Type: Trad, Aid, 1200 ft (364 m), 10 pitches, Grade IV
FA: Ken Trout, Scott Visscher, September, 1979
Page Views: 7,576 total · 47/month
Shared By: Ken Trout on Jan 16, 2011
Admins: Leo Paik, John McNamee, Frances Fierst, Monty, Monomaniac, Tyler KC

You & This Route

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Introduction, Description, & Equipment Suggest change


For climbers who like long routes, wild places, good granite, and for whom a little A0+ is acceptable, this could be the best 5.9+/5.10- trad route in the San Juan Mountains.

On the other hand, none of the pitches are as beautiful as Honey Pot on Ophir Wall (or as hard). Even worse, the short stretch of A0+ on funky bolts is in serious need of re-drilling. Morning shade can make for a chilly start too.


The route climbs the left side of a Yosemite-style pinnacle on the central buttress. Above the block that forms the summit of the pinnacle, there is only a little A-zeroing needed to connect with the next crack. That bit should go free and will be much harder than the rest of the route.
Photo by Mountainproject contributor SamP.

This is a very rough route description. There are no fixed belays and no consensus yet on where to belay, so please be ready to make adjustments.

Pitch one: start a bit left of the toe of the buttress in a short chimney (5.7 or worse). There is a bigger chimney/crack to the left to avoid. The short chimney leads to face climbing past some horizontal seams. The pitch can be stretched with more crack climbing up to good ledges.

Pitch two: aim for the easiest way to connect with the left side of the pinnacle. A moderate pitch that can be ended before the climbing increases in difficulty (5.6?).

Pitch three: I trust Sam P's photo below more than my memory (5.8?).
Pitch three photo by Mountainproject contributor SamP.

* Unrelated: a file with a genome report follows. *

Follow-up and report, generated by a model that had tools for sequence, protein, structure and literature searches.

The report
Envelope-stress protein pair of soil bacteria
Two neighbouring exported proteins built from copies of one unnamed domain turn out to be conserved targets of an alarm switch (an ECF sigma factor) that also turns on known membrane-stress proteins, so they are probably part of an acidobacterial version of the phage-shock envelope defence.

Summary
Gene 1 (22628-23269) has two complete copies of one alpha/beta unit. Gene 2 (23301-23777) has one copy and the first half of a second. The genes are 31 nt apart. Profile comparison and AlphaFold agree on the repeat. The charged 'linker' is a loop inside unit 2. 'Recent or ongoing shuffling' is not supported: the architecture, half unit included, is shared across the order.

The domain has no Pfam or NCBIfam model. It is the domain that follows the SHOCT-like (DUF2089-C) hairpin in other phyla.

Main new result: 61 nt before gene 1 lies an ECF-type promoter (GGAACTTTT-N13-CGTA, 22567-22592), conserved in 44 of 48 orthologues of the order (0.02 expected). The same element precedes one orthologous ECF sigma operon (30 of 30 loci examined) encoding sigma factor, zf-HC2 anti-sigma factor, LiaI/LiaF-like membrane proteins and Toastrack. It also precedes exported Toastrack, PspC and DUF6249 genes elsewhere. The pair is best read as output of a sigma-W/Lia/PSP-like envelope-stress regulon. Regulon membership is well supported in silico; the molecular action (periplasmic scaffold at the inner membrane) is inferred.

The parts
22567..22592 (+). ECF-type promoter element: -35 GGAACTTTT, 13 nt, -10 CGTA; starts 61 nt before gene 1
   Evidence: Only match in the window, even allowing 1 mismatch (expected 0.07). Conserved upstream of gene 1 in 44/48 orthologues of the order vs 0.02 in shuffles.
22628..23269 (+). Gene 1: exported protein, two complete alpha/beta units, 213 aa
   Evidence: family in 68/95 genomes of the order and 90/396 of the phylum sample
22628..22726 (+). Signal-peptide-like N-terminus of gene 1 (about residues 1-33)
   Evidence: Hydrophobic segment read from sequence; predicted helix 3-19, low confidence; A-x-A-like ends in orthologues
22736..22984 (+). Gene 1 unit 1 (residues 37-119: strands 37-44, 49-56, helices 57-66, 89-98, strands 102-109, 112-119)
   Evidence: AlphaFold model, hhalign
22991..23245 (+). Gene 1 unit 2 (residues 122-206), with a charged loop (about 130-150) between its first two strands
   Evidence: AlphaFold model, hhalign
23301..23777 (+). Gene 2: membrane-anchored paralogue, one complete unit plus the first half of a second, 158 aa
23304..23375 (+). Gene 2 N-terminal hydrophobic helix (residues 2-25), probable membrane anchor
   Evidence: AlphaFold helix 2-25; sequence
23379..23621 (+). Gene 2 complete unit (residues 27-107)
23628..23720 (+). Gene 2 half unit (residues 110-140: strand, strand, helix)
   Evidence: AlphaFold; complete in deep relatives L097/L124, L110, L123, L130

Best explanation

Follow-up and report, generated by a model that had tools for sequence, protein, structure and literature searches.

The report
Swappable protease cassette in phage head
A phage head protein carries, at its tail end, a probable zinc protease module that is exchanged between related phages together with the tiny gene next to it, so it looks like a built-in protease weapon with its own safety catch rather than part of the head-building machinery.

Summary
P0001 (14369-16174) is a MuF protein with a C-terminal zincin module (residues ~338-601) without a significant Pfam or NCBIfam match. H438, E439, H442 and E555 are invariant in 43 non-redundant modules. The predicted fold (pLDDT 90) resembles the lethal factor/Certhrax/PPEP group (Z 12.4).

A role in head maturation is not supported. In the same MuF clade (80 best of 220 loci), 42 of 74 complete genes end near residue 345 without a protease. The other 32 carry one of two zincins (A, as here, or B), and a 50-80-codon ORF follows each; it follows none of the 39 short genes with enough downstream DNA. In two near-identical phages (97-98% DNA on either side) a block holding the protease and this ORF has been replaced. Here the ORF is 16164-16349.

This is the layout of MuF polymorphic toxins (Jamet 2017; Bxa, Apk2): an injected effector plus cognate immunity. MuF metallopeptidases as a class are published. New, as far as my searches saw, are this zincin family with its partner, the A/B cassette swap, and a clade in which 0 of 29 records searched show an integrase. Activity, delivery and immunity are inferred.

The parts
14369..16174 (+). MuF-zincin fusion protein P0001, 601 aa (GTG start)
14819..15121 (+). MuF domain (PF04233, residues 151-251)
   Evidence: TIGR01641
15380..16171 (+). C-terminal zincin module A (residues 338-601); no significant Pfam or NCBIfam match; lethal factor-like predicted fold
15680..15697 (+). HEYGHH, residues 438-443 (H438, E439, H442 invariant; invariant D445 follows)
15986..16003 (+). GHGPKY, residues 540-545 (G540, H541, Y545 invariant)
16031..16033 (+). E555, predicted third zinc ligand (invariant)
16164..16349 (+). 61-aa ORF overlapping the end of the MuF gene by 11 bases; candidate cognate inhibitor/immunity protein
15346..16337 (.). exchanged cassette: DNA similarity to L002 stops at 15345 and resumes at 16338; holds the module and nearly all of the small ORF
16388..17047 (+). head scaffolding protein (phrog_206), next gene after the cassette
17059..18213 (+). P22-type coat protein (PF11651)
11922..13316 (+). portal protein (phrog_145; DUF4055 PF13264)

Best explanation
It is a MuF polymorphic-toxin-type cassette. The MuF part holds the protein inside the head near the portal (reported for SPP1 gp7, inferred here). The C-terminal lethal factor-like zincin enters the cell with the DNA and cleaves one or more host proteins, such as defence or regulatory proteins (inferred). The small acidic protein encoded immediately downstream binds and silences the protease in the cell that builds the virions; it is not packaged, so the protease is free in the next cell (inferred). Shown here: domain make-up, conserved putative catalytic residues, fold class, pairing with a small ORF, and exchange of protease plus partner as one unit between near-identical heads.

Pitch four: a quality crack pitch that may not be obvious, aim left. It starts steep and beautiful and gains entry to the main corner (5.9).
Pitch four.

Pitch five: from the sloping stance, climb the excellent corner (5.9 or maybe 5.10). This pitch may stretch all the way to the belay below the A0 bolts (or not!).
Trout Man belays pitch five. Photo by Mountain Project contributor SamP.
The leader may be about where SamP took his downward shot of Trout Man.

Pitch six: continue up the corner and belay as close as you dare to the top of the pinnacle (5.9+). The best stance for good anchors may be uncomfortable.

Pitch seven balance up onto the top of the pinnacle and aid past two bolts. A hard moves off the high bolt gains a crack. At the top of the crack, a short traverse left ends on a ledge (5.9?, A0+).
Trout Man. By Mountainproject contributor SamP.

Pitch eight: an obvious crack leads to the big horizontal crack that cuts across the top left side of the Pope's Nose (5.7).

Pitch nine: a long crack that starts nice and then get wide at the top (maybe 5.7). The Pope's Nose page has some beta for the hideous descent.

1985 Route topo
Central Buttress.


I barely managed to drill the holes deep enough to hold body weight with our funky drill. Maybe bring the heavy tools until someone comments that better hardware is in place. Alpine aiders help a lot on the A0+. Bring full rack of gear up to a #5 Camalot, not more than doubles of each size for most of us.